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0

It may be easier to see if you use the sequence approach to continuity: Pick an $p\in \mathbb Q$ and from each neighborhood $B_{1/n}(p)$ choose an irrational number $x_{n}$. Then you get a sequence with the property that $x_{n}\to p$ and $f(x_{n})=d\quad \forall n\in \mathbb N$. Since $f(p)=c\neq d$, $f$ is not continuous at $p$. Simlarly, if $x\in ...


0

$\mathbb{Q}$ is dense in $\mathbb{R}$, which means in this case that: $$ \forall x,y \in \mathbb{R} \hspace{2mm} \text{with} \hspace{2mm} x < y \hspace{2mm} \exists r \in \mathbb{Q}: x < r < y $$ So, for two real (particularly irrational) numbers, there is always a rational number in between, no matter how close the two reals are to each other. So ...


0

Say we have a continuous function $f :\Bbb{Q}\to \Bbb{Q}$ for which we know $f(a)<0<f(b)$ for fixed rational numbers $a<b$. Now set $$ M:=\{x\mid a\leq x\leq b \text{ and } f(x)<0\}. $$ Clearly,$M$ is bounded above. Suppose that $M$ has a least upper bound $\alpha$. It is not hard to see that this entails $f(\alpha)=0$ (if you don't believe ...


1

The set $$\left\{\sum_{k=1}^n\frac1{k!}:n\in\Bbb N\right\}$$ is contained in the rationals, and has upper bound. It is not difficult to show that $3$ is an upper bound. But in the reals, the series converges to $e$, which is not rational. For a relatively easy proof, see here.


3

$\sup S$ is shorthand for the least upper bound of $S$ in some set $T\supset S$ with respect to an order $\leq$ on $T$. However, we often omit $T$ and $\leq$ when they are obvious from the context. Consider the case when $T=\mathbb{Q}$ and $\leq$ is the usual order. Since $\sup\left\{ x\in\mathbb{Q}:x^{2}<2\right\} $ has an upper bound but no least upper ...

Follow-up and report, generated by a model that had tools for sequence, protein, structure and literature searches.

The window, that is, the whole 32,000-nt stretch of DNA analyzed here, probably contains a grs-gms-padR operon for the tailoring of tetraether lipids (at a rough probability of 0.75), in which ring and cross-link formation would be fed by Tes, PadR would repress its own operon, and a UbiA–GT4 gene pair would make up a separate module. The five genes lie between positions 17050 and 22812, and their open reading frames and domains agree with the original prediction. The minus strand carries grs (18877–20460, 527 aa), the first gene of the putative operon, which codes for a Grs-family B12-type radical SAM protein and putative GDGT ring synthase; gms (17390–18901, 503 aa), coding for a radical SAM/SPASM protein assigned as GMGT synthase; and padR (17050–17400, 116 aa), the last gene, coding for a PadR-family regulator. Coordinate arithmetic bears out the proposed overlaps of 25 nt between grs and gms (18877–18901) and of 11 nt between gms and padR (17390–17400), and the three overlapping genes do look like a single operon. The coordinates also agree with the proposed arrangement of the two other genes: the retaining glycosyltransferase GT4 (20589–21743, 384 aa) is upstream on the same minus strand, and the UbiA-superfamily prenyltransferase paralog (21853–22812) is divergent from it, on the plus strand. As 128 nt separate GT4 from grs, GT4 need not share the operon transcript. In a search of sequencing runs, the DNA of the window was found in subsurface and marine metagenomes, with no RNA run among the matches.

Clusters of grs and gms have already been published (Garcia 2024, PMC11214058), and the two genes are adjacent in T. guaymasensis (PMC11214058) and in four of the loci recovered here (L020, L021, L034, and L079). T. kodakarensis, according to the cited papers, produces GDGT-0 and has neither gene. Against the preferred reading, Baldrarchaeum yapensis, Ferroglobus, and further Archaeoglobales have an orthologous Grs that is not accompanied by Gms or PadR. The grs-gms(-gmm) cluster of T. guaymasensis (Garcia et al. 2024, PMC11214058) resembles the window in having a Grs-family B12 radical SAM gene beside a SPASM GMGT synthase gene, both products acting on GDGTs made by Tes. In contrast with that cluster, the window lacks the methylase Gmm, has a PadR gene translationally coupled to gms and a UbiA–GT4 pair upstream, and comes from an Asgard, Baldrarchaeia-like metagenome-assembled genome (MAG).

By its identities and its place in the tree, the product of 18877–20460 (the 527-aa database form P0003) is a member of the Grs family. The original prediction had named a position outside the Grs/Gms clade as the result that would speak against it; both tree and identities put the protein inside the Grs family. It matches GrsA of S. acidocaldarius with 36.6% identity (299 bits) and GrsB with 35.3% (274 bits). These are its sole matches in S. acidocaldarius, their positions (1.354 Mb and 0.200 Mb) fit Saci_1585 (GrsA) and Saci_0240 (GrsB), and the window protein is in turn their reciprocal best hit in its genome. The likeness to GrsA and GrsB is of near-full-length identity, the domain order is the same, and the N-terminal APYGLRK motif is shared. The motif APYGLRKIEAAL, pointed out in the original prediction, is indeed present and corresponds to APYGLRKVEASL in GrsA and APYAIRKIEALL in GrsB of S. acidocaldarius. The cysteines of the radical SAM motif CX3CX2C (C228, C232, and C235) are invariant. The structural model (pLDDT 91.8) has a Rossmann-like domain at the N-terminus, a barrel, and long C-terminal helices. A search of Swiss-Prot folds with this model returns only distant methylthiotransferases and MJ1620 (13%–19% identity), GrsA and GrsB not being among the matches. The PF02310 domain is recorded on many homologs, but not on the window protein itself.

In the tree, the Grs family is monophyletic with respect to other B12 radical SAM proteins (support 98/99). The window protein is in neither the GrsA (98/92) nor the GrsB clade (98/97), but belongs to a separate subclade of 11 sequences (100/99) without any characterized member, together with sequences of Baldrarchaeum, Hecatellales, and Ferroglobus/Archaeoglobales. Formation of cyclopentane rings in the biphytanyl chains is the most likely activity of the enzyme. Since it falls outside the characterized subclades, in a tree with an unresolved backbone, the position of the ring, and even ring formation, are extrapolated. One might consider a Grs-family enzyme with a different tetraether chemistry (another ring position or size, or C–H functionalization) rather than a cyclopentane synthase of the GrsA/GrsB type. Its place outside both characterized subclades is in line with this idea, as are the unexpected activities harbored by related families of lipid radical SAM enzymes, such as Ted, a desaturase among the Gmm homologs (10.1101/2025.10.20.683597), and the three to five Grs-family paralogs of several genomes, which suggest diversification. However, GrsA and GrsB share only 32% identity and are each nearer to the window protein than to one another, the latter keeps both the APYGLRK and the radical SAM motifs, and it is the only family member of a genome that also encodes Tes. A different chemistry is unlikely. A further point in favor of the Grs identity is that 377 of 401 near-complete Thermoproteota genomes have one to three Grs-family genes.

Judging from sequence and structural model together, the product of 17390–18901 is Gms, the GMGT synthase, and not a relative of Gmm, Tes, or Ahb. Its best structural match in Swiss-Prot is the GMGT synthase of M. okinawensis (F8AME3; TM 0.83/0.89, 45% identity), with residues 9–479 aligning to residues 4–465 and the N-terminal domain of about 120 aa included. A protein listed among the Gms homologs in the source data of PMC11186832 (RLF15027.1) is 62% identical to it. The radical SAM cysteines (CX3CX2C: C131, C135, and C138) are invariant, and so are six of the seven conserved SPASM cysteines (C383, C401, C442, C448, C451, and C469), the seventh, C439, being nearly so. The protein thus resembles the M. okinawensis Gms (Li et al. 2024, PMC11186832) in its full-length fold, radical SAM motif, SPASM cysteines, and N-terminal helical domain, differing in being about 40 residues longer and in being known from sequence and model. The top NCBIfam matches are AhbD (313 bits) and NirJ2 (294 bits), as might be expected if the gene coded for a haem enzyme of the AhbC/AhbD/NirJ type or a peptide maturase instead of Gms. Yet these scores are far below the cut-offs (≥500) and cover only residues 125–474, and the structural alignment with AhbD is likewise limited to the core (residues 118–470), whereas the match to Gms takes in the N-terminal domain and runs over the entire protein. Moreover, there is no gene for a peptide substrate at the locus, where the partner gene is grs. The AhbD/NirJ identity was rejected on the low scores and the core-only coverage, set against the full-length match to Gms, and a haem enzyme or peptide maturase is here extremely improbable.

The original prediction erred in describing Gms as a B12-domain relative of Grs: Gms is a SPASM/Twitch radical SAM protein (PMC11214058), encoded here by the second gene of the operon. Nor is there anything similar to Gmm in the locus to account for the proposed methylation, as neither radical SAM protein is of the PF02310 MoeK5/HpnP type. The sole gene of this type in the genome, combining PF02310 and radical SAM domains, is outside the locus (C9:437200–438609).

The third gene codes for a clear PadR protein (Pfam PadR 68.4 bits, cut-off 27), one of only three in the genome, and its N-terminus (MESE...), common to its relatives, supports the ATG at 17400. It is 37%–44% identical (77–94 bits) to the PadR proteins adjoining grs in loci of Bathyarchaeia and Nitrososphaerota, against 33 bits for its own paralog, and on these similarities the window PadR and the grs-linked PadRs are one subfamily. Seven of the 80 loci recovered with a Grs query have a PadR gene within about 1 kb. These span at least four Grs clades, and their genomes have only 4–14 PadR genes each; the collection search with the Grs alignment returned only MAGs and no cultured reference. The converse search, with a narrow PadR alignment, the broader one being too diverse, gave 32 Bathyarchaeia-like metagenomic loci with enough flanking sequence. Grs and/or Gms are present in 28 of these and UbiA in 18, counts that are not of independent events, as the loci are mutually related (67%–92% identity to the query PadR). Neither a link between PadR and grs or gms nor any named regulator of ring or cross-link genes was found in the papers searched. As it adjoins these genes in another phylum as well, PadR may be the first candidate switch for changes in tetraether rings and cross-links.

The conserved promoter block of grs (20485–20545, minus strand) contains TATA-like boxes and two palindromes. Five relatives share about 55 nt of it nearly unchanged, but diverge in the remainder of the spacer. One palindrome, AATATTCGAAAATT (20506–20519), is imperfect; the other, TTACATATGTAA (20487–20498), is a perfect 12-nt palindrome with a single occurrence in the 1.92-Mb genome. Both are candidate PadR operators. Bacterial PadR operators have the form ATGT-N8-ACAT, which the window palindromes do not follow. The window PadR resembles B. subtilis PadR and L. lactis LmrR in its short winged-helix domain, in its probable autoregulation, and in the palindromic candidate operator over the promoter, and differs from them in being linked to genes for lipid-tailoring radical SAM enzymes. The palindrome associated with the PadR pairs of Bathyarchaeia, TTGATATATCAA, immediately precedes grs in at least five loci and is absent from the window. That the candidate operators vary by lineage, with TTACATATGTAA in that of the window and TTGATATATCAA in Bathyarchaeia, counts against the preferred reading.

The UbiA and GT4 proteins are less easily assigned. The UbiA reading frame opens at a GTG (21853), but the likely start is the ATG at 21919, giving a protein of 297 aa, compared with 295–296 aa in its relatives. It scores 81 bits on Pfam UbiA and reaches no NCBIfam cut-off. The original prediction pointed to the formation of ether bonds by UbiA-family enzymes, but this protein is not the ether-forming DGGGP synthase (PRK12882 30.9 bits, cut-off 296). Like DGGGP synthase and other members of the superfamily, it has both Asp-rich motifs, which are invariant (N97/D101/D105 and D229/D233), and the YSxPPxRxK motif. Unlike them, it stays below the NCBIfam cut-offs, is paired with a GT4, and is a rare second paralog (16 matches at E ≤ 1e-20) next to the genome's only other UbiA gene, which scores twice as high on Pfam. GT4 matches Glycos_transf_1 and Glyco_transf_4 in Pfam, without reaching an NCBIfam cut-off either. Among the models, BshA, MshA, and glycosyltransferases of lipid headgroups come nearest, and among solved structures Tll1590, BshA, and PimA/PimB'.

1

This is an interesting way to write a continued fraction. Write the index in binary, then read it from right to left. Each segment of $00\dots01$ represents $$ +\cfrac1{n} $$ where $n$ is the length of the segment. If the rightmost segment has no rightmost $1$, then that segment just represents $$ n $$ where $n$ is the length of the segment. For example ...


3

We have $r_m \leqslant 1 \iff m \equiv 1 \pmod{2}$. Suppose the set $E$ of positive rationals that don't occur in the sequence were nonempty. Choose an $r = \frac{a}{b}$ with minimal denominator from $E$. We know that $b > 1$ since $r_{2^{n-1}} = \frac{n}{1}$ for all $n$. If $r < 1$, then $\frac{1}{r} = \frac{b}{a}$ has smaller denominator than $r$, ...


9

Let $\psi = -1/\phi$. Then the Fibonacci numbers $(F_n)$ and the Lucas numbers $(L_n)$ are given by $$ F_n = \frac{\phi^n - \psi^n}{\phi - \psi}, \qquad L_n = \phi^n + \psi^n. $$ Using this, your number $\mathcal{E}_n$ can be written as $$ \mathcal{E}_n = \frac{4^n + (-1)^n + 2^n L_n}{F_n} \in \Bbb{Q}. $$


2

As you wrote in a comment, the proposition you are trying to use doesn't apply directly to $\Bbb Q^k\times \Bbb Q$. However, if we know that $D$ is countable and $E$ is some other countable set, then there is a bijection $f: D \to E$, and the map from $D \times D$ to $D \times E$ given by $(x,y) \mapsto (x,f(y))$ is a bijection. Since by the proposition $D ...


1

Your induction hypothesis should only consider $k \in \mathbb{N}$ with $k \ge 2$, not all integer $k$. Aside from that, your proof is correct.


2

${{y^2 - y} \over 1 {}} \div {{y^2 - 1} \over 3}$ Now whenever you divide by something, you are essentially multiplying the reciprocal of the something. So ${{y^2 - y} \over 1 {}} * {{3} \over y^2-1}$ $=\frac{y(y-1)}{1}*\frac{3}{(y-1)(y+1)}$ Cancel $y-1$ to get your required answer.